Monday November 21, 2016

"Field Experience" Is Accurately Named

By Emma Francois

I am a junior, and have been an education major since I started at the University of Dayton. Because this is the case, I have had several field experiences. Field experiences are opportunities to be in a classroom as a preservice teacher. UD does a really good job of getting us in the classroom early. I had my first field experience second semester of freshman year, and have had at least one every year since then. For some universities, education majors do not get into the classroom until their junior year. I think by that point, if you realize you do not want to be an education major, it is almost too late to switch. It is important to get into a classroom and start working with students early, so you know if that is what you really want to do.

My field semester this year is different from any of my previous field experiences because this semester, I got to plan and teach two lessons. Also, for the first time, I am in a Catholic school. I am in a seventh grade math classroom at Incarnation Catholic School in Centerville. This has been an excellent experience for me. It does not feel like that long ago when I myself was a seventh grade student at a Catholic elementary school. It has been really interesting for me to see what happens on the other side of the equation. I have enjoyed getting the opportunity to actually teach, even though it was nerve-wracking, and to develop a relationship with the students at Incarnation.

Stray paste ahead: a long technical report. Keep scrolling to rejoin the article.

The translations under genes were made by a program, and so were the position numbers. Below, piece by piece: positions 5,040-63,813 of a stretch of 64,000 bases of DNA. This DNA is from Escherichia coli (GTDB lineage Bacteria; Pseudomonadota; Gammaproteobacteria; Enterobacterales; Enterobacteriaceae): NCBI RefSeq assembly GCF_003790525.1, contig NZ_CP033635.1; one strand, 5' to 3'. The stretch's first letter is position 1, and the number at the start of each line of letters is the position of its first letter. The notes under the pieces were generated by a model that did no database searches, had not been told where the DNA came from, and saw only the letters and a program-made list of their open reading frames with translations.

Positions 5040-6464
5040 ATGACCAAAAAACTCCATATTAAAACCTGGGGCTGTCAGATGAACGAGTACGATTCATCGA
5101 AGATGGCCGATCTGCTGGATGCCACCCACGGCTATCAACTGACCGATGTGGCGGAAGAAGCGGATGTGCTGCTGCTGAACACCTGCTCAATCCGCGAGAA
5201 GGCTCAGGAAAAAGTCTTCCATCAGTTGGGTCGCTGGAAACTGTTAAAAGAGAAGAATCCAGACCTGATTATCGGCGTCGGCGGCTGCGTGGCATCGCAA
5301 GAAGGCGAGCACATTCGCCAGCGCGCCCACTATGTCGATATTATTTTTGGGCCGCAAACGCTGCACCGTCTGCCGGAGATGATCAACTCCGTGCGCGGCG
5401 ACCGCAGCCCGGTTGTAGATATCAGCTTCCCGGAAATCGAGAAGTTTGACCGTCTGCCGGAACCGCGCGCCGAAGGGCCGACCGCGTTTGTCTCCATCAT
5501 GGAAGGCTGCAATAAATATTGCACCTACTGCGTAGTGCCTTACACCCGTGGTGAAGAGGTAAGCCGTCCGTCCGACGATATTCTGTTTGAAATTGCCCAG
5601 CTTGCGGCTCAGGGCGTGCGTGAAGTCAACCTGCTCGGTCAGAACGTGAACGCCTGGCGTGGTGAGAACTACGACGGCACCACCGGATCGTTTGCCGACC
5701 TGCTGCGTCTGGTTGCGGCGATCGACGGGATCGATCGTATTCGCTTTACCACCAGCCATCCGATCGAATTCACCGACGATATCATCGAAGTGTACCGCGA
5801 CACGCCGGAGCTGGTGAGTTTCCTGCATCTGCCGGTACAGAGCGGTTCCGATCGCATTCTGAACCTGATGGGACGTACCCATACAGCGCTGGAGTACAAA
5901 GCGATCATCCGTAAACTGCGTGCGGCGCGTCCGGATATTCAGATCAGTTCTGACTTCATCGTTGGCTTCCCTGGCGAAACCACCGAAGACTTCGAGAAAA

Field this semester has been a very valuable experience. It has been my first chance to get a small glimpse at the kinds of things that I will be doing everyday as a teacher. Another reason I think field experiences are really important for education majors to have early is because it helps to remind me about why I chose this major. Overall, I like my classes at UD. But three years of learning so much education theory and not actually getting to use it can be tiresome. Getting into the classroom, putting these theories into practice, and forming relationships with the students reminds me about why I have wanted to be a teacher for as long as I can remember. I want to be a teacher because of the funny, quirky, middle schoolers who make each time I go to field exciting and entertaining, and because of all the other students that I will have the opportunity to get to know. What my field experience this semester has impressed upon me is that teaching is definitely what I want to do, and I cannot wait until I get to do it full time.

Edited by Barb Miller and Ben Swick

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